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Joplin disaster relief workers cry out for rain to stop

The opinions expressed by columnists are their own and do not necessarily represent the views of Townhall.com.
JOPLIN, Mo. (BP)--Relentless rain and the threat of more severe weather are holding back efforts in Joplin, Mo., to move forward with rescue and cleanup two days after the May 22 tornado that killed at least 117 people, including three worshipping at Harmony Heights Baptist Church.

The weather is not cooperating. The Weather Channel forecast for the evening of May 24 noted a 70 percent chance of storms and winds of 20-30 miles per hour. Occasional thunderstorms may be severe, with damaging winds, large hail and possibly even another tornado. Wednesday's forecast is just as bleak with an 80 percent chance of rain and more strong winds that may produce large hail.

Greg Walker, student pastor at Forest Park Baptist Church, asked for prayers that the rain and lightning would stop.

"It would be a huge help," Walker said. "People go out to work and then they have to run right back."

Steve Patterson, director of missions for the Spring River Baptist Association based in Joplin, said the rescue and cleanup process is barely moving.

"It's been a long, strange prep stage," Patterson said. "Everybody is so ready to do something. We just don't want to get in the way of search and rescue work."

Patterson said disaster relief assessment crews are staging to move in as soon as the city gives the go-ahead. A DR incident command center was set up May 23 at the Baptist Student Union of Missouri Southern State University and a meeting took place May 24 to regroup DR efforts and focus.

On Sunday evening, 53 people at Harmony Heights Baptist Church were listening as pastor Charlie Burnett preached when storm sirens began to sound. Burnett moved everyone into the designated storm shelter interior rooms of the church (it had no basement). Moments later, the tornado hit the church, tearing it apart.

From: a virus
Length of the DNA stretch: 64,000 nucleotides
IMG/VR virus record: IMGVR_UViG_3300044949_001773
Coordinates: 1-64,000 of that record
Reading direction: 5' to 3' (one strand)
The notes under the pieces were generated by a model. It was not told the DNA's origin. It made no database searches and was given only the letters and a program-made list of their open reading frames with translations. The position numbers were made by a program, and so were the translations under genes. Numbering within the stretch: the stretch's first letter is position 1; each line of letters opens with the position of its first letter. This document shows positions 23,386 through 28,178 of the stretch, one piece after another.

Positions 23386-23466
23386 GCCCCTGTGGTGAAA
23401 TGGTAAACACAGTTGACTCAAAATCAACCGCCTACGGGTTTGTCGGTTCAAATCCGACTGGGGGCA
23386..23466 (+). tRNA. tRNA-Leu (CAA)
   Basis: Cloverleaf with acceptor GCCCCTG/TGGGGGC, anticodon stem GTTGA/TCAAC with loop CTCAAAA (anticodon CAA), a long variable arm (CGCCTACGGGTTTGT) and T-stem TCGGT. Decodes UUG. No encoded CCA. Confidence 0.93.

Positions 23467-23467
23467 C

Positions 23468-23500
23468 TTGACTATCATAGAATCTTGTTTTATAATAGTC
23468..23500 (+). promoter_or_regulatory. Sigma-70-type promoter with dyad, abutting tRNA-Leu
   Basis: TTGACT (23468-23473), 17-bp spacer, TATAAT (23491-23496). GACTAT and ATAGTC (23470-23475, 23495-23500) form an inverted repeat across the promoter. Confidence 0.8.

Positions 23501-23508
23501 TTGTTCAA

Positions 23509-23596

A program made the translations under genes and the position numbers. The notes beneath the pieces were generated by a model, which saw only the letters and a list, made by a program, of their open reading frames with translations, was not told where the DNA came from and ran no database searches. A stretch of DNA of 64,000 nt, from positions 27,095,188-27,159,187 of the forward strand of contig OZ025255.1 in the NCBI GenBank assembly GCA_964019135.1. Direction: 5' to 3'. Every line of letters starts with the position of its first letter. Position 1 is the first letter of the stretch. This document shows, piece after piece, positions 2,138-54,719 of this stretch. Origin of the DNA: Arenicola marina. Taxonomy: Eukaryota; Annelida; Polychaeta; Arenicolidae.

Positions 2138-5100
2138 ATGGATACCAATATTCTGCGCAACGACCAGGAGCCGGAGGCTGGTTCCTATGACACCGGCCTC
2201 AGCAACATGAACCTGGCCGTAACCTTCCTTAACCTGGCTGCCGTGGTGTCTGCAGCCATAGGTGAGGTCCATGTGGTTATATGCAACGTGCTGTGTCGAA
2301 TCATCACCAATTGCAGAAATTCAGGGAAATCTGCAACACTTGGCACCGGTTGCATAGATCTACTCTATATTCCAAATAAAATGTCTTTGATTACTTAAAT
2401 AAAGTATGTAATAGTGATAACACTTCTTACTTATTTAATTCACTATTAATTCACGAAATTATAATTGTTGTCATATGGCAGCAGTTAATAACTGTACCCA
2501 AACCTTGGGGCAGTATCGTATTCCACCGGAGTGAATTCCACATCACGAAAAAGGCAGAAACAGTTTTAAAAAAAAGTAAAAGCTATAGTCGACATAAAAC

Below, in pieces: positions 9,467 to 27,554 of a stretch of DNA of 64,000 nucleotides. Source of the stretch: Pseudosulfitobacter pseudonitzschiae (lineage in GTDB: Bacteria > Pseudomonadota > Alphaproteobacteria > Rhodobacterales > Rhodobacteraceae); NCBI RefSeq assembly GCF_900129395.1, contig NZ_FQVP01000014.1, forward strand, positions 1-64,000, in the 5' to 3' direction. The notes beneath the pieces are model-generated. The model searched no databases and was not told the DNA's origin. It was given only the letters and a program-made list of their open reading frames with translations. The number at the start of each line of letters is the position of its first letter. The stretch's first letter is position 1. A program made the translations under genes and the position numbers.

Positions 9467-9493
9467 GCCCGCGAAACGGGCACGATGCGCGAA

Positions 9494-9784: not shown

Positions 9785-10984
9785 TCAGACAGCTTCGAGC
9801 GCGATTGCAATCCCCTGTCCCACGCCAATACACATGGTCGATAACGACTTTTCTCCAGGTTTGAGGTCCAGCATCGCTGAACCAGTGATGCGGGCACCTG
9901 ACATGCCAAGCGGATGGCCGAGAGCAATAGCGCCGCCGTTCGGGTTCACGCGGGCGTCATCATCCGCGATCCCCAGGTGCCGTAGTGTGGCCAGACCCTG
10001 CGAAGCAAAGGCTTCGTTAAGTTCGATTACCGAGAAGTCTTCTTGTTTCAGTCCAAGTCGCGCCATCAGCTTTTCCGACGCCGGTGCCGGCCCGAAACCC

"It is a miracle that many survived," Patterson said.

Empire Baptist Church, near the heavily damaged hospital that has received extensive media attention, was likely a total loss, Patterson said. No one was injured there.

"The whole sanctuary wall collapsed and that caused the roof to cave in and the windows to blow out," he said.

Eastvue Baptist Church was spared, but its pastor, Tim Sumners, is one of the hundreds whose homes were destroyed. Patterson added that all of the churches affiliated with the association had at least one member who lost a home. John Marshall, president of the Missouri Baptist Convention and pastor of Second Baptist Church in Springfield, reported that Forest Park, the largest church in Joplin, has several injured members and one fatality. More than 30 members lost their homes.

"As a church, we're doing pretty good considering, but we're trying to look outside our walls," said Walker, the student pastor. "Everybody knows someone who lost someone. Some of our students have lost their homes, but as far as I know they're OK."

The facility of Forest Park was unharmed and has been serving as a collection point for donated items. Most feeding is being done on the campus of Missouri Southern State University.


The death toll of 117 is the highest for any one single tornado in the United States since a 1953 twister hit Flint, Mich., killing 116, FoxNews.com reported. Several sources have indicated to The Pathway, the Missouri Baptist Convention's newsjournal, that the number of fatalities will grow.

Brian Koonce is a staff writer for The Pathway www.mbcpathway.com, newsjournal of the Missouri Baptist Convention. Online donations can be made through www.mobaptist.org/mbcdr. Trained DR volunteers should check in through their DR chain of command.

Copyright (c) 2011 Southern Baptist Convention, Baptist Press www.BPNews.net

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